Fuel Installation


Fuel tanks

  • Two tanks

Tank 1  (Main Tank)   6,724 litres

Tank 2  (Reserve Tank)  2,293 litres



  • Two Pumps – Either tank can feed either pump

Tank 1 – Main Tanktank1a

Tank 2 – Reserve Tanktank2a

Tank and Pump schematic


Switching Tanks

Normal operation – Tank 1 feeding Pump 1

Symptoms of low fuel level in the tank

  • Fuel flow rate reduces
  • Pump labouring and fuel flow ‘surges’

Change from Tank 1 to Tank 2

  • Replace fuel nozzle in the pump
  • Lift man lid on tank 1
  • Move yellow lever so it is positioned at 90 degrees to the pipe which will close tank 1 outlet valve
  • Lift man lid on tank 2
  • Turn red wheel anti-clockwise (several turns) to open tank 2 outlet valve
  • Replace both man lids – mind your fingers !
  • Remove fuel nozzle and continue refuelling


Tank 1 – Outlet Valve (Open)


Tank 2 – Outlet Valve (Closed)


Switching Pumps

  • If the pump in use (normally No.1) fails during refuelling
  • Replace the fuel nozzle in pump No.1
  • Operate the round green gate valve on the Dunstable side of the filter vessel by turning clockwise – this shuts the valve on the No.1 pump delivery line
  • Operate the round green gate valve on the Pig Farm side of the filter vessel by turning anti-clockwise – this opens the valve on the No.2 pump delivery line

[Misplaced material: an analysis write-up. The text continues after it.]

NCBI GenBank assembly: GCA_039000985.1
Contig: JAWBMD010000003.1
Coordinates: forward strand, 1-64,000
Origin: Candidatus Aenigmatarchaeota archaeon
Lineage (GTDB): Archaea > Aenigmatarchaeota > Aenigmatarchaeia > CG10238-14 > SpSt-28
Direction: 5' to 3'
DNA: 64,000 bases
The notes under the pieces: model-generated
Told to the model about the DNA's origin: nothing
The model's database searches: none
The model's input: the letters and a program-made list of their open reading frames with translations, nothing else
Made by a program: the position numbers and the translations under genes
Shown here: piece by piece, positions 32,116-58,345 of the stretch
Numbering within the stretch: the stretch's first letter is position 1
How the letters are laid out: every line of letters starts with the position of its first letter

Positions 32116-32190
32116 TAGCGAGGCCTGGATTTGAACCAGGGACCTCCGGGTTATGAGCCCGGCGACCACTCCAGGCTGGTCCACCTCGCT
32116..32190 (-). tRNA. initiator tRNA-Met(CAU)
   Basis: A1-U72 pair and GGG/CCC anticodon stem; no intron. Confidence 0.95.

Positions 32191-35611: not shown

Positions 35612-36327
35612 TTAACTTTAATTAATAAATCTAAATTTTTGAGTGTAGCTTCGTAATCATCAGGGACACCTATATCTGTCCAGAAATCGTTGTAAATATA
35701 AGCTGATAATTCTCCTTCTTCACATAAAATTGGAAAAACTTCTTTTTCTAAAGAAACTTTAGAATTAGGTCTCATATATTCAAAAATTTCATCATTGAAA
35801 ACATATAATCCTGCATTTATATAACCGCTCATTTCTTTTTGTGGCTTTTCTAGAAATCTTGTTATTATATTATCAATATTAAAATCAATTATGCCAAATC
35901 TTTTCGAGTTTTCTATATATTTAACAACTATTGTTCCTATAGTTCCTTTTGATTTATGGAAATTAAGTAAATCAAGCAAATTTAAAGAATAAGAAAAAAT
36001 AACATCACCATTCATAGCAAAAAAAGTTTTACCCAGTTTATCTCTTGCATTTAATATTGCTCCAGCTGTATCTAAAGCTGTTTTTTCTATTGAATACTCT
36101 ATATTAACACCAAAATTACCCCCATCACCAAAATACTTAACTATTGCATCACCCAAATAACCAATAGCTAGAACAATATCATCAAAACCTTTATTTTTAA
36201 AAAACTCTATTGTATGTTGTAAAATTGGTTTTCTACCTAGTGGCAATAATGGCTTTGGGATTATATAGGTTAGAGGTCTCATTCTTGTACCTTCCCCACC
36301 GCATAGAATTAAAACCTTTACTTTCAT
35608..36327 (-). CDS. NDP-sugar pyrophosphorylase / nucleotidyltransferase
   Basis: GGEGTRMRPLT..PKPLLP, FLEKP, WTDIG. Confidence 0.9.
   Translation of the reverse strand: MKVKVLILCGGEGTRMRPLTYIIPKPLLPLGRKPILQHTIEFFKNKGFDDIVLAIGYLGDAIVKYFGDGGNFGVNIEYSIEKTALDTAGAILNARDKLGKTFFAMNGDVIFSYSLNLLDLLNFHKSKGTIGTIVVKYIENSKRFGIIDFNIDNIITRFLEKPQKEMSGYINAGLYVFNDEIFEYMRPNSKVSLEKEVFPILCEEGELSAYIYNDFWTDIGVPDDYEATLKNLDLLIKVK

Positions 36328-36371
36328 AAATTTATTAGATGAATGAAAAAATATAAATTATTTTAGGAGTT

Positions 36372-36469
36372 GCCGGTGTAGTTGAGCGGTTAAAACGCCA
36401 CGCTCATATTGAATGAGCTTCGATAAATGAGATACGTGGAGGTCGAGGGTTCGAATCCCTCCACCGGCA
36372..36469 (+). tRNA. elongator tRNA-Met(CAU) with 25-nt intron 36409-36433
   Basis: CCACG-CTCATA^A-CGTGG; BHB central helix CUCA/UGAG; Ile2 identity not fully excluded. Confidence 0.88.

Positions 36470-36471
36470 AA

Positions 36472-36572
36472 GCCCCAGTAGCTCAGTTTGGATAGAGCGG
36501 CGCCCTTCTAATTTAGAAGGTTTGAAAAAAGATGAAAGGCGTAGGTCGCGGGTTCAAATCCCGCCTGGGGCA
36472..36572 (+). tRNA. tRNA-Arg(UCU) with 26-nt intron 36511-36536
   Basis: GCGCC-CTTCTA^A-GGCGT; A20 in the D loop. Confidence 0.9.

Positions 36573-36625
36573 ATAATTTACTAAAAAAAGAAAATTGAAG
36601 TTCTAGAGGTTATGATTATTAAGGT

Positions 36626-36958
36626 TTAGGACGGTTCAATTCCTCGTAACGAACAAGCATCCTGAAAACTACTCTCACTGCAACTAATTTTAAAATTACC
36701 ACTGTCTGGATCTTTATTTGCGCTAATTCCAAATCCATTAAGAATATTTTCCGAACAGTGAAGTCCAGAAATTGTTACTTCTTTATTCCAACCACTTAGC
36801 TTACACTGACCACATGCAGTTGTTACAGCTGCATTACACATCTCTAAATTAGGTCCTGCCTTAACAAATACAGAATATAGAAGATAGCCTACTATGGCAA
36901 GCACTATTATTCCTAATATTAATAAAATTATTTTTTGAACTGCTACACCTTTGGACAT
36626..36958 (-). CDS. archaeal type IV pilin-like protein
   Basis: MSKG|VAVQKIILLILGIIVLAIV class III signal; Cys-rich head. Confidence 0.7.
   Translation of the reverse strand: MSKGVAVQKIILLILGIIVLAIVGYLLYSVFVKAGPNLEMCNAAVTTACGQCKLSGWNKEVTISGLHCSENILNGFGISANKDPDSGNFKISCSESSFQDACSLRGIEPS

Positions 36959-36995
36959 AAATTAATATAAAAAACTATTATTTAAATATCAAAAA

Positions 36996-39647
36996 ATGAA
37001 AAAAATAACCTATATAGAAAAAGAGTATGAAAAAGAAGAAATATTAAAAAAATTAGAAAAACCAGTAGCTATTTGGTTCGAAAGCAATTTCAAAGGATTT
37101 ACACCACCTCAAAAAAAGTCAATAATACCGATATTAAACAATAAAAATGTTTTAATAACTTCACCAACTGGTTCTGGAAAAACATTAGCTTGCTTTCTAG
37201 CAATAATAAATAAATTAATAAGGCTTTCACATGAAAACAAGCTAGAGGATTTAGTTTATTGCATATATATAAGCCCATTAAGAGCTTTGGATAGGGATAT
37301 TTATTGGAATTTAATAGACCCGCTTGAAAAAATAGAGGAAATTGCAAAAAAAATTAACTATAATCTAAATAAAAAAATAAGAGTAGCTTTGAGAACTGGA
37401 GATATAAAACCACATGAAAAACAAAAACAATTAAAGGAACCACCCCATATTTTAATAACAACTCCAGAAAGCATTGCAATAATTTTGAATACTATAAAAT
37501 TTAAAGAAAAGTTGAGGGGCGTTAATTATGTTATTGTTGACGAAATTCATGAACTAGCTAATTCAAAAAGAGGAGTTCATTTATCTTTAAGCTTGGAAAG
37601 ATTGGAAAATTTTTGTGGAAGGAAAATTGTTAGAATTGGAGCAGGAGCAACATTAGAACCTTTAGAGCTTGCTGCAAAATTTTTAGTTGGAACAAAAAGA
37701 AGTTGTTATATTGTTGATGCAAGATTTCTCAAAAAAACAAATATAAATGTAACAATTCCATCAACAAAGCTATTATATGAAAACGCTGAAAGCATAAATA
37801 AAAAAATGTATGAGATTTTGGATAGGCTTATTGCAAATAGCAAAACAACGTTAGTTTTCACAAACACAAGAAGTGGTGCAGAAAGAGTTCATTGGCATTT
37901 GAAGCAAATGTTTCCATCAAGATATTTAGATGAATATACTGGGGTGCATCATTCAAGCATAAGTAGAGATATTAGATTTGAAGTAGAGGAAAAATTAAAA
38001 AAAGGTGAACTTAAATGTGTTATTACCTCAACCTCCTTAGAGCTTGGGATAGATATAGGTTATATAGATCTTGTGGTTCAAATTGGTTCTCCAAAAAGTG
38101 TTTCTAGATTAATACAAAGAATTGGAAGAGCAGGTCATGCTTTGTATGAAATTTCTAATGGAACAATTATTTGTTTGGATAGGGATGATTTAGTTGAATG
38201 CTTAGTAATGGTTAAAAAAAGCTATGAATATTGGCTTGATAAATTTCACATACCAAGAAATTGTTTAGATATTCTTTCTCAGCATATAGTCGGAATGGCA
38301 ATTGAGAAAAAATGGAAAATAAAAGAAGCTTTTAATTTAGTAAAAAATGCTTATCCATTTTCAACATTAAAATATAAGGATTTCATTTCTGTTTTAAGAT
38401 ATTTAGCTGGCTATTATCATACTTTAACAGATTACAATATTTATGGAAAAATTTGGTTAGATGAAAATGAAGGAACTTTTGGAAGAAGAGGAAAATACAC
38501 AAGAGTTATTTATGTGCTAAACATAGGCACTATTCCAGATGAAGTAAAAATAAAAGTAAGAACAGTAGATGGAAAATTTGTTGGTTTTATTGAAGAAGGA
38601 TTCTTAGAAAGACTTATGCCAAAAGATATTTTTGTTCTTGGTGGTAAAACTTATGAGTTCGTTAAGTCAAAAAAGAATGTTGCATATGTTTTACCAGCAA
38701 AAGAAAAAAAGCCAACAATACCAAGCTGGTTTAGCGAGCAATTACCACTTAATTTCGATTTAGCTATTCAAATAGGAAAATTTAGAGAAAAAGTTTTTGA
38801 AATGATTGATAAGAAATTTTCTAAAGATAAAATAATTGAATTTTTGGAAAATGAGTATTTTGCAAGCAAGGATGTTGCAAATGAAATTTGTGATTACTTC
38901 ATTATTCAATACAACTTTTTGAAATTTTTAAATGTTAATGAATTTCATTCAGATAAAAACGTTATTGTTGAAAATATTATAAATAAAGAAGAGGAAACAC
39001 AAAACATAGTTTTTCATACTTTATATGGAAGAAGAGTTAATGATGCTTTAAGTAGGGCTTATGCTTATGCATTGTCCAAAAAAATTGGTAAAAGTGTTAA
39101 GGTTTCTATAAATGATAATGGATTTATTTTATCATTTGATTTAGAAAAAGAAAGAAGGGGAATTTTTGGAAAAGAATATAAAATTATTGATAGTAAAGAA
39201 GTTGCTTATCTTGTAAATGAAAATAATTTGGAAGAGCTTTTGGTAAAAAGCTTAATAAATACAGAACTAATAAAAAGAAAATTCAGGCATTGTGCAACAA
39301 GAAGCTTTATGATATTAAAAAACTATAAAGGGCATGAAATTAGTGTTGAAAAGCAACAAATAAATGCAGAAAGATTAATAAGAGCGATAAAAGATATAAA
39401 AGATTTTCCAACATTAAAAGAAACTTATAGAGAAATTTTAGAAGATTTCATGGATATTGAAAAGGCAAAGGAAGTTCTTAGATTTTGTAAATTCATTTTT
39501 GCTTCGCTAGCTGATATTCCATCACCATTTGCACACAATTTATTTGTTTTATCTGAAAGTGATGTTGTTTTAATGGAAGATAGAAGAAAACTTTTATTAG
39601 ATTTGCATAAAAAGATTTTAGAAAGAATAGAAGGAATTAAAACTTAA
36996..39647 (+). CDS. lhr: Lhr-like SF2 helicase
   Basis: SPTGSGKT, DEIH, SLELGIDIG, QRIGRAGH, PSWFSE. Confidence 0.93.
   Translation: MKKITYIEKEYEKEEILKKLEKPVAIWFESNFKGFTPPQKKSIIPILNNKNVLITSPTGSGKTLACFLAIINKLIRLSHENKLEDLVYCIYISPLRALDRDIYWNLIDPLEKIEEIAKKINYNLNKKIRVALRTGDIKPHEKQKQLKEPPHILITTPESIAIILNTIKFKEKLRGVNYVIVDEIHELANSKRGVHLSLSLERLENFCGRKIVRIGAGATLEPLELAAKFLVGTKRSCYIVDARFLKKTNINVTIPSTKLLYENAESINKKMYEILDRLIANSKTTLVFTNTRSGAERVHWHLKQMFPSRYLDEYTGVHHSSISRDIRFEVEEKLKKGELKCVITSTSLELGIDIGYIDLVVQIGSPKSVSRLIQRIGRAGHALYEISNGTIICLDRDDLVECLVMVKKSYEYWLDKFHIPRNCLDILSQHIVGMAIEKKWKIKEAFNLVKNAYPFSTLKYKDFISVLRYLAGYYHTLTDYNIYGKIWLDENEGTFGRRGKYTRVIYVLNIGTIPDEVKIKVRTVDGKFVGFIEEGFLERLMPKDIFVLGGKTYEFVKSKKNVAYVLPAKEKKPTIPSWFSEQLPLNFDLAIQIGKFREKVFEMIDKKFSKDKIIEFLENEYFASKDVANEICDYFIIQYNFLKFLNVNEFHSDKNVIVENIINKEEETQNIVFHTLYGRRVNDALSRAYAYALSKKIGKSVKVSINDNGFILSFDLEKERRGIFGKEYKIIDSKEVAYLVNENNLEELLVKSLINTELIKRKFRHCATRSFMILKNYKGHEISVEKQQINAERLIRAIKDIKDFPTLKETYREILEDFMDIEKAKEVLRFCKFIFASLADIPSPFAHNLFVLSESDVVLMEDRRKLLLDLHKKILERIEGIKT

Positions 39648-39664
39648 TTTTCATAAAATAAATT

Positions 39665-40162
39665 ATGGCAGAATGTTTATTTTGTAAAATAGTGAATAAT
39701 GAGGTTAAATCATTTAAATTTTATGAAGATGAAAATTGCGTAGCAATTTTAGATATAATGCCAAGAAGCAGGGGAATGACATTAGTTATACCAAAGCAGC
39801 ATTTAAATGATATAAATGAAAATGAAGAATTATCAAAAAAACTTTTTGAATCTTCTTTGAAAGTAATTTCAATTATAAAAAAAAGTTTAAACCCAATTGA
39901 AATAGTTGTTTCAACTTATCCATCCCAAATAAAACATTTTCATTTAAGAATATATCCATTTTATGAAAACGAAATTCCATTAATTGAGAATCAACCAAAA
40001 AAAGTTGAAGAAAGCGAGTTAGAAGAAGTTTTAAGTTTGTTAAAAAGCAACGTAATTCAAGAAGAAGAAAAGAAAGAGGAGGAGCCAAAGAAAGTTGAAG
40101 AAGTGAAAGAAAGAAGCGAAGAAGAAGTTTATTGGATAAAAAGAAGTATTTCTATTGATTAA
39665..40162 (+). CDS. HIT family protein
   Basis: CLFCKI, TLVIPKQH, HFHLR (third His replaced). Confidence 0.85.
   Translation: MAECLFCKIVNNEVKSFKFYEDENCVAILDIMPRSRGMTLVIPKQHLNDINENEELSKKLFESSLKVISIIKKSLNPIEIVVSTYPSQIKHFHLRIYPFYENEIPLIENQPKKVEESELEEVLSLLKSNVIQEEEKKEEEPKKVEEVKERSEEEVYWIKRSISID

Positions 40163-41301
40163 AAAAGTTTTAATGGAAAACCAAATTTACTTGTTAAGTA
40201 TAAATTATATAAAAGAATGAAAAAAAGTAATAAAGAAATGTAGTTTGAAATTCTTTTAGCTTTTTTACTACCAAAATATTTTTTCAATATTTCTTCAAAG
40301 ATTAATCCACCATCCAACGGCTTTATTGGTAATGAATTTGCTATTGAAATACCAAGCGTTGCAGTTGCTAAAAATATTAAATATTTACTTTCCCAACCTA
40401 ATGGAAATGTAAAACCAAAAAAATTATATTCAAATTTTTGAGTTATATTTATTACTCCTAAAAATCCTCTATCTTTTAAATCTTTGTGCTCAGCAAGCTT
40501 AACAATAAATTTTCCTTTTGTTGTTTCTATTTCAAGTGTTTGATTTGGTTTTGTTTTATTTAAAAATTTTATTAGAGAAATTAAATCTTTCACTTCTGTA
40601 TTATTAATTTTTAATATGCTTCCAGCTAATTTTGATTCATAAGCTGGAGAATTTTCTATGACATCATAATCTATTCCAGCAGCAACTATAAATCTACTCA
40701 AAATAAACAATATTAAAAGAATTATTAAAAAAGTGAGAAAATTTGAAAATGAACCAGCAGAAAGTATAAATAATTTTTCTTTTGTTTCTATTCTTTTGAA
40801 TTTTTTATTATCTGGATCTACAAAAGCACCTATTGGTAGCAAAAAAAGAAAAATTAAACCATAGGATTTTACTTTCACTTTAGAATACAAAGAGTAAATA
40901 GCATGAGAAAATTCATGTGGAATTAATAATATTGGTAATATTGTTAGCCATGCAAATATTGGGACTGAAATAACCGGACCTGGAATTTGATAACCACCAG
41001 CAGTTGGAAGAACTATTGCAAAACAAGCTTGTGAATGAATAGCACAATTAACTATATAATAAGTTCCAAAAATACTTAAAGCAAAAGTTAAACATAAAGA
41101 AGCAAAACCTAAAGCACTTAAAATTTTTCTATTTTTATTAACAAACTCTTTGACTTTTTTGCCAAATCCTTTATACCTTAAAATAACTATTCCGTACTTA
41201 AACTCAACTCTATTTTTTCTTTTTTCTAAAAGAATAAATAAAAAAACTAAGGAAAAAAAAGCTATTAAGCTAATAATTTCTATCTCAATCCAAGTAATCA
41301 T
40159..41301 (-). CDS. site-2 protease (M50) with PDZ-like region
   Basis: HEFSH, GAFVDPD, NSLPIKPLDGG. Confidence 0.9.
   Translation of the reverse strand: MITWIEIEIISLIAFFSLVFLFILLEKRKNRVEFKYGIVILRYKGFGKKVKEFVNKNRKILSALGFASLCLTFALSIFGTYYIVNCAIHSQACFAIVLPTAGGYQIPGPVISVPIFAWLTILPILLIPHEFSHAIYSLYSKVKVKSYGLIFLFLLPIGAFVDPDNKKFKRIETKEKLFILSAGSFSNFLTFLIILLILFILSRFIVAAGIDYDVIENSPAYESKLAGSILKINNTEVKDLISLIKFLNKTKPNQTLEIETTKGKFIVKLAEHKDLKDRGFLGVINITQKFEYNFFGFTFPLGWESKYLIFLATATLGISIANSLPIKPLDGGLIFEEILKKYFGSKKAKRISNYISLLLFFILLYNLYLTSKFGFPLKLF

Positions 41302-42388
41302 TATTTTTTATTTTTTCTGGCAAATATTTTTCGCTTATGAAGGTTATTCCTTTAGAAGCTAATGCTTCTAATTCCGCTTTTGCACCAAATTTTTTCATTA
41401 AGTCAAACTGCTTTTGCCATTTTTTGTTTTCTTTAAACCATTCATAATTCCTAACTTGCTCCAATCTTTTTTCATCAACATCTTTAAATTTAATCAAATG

• Take the dummy nozzle from pump No.2 (which will start pump No.2) and replace the fuel nozzle in pump No.1
  • You should now be able to continue refuelling
  • When refuelling is complete, replace the fuel nozzle in pump No. 2


Filter Vessel – Daily Fuel Checks


  • Use the correct sample jar for the day and empty the previous week’s fuel sample into the waste Avgas jar.
  • Use clean tissue to wipe the inside of the jar to remove any particulates and water droplets sticking to the glass from the previous sample.
  • Operate the water drain into the jar WITHOUT the pump running – this should result in a small amount of fuel in the jar before the flow stops and should clear any free water in the filter vessel – discard into the waste Avgas jar.
  • Remove the fuel nozzle from the pump which will start the pump and pressurise the filter vessel. Take a sample from the water drain at full flow to at least half fill the jar.
  • Put the lid on the jar and allow the sample to settle for a few seconds.
  • ‘Swirl’ the fuel in the jar so that a vortex forms – this will help to collect any particles or free water on the bottom of the jar at the base of the vortex.
  • If free water is observed or the sample is hazy (water in suspension) repeat the sampling process until a clear and bright sample is observed.
  • Note – A small number of rust particles in the sample seem to be ‘normal’ at Dunstable.



  • Remember to attach the earthing cable to an unpainted metal part of the aircraft to dissipate any static electricity BEFORE the fuel nozzle comes anywhere near the aircraft


  • Do not leave the aircraft unattended while you are fuelling. Occasionally the automatic fuel cut-off mechanism in the nozzle doesn’t !!


  • Take care with the position of the nozzle in the aircraft to avoid fuel pouring out of the fuel overflow pipe as you are fuelling

….and don’t forget the paperwork !



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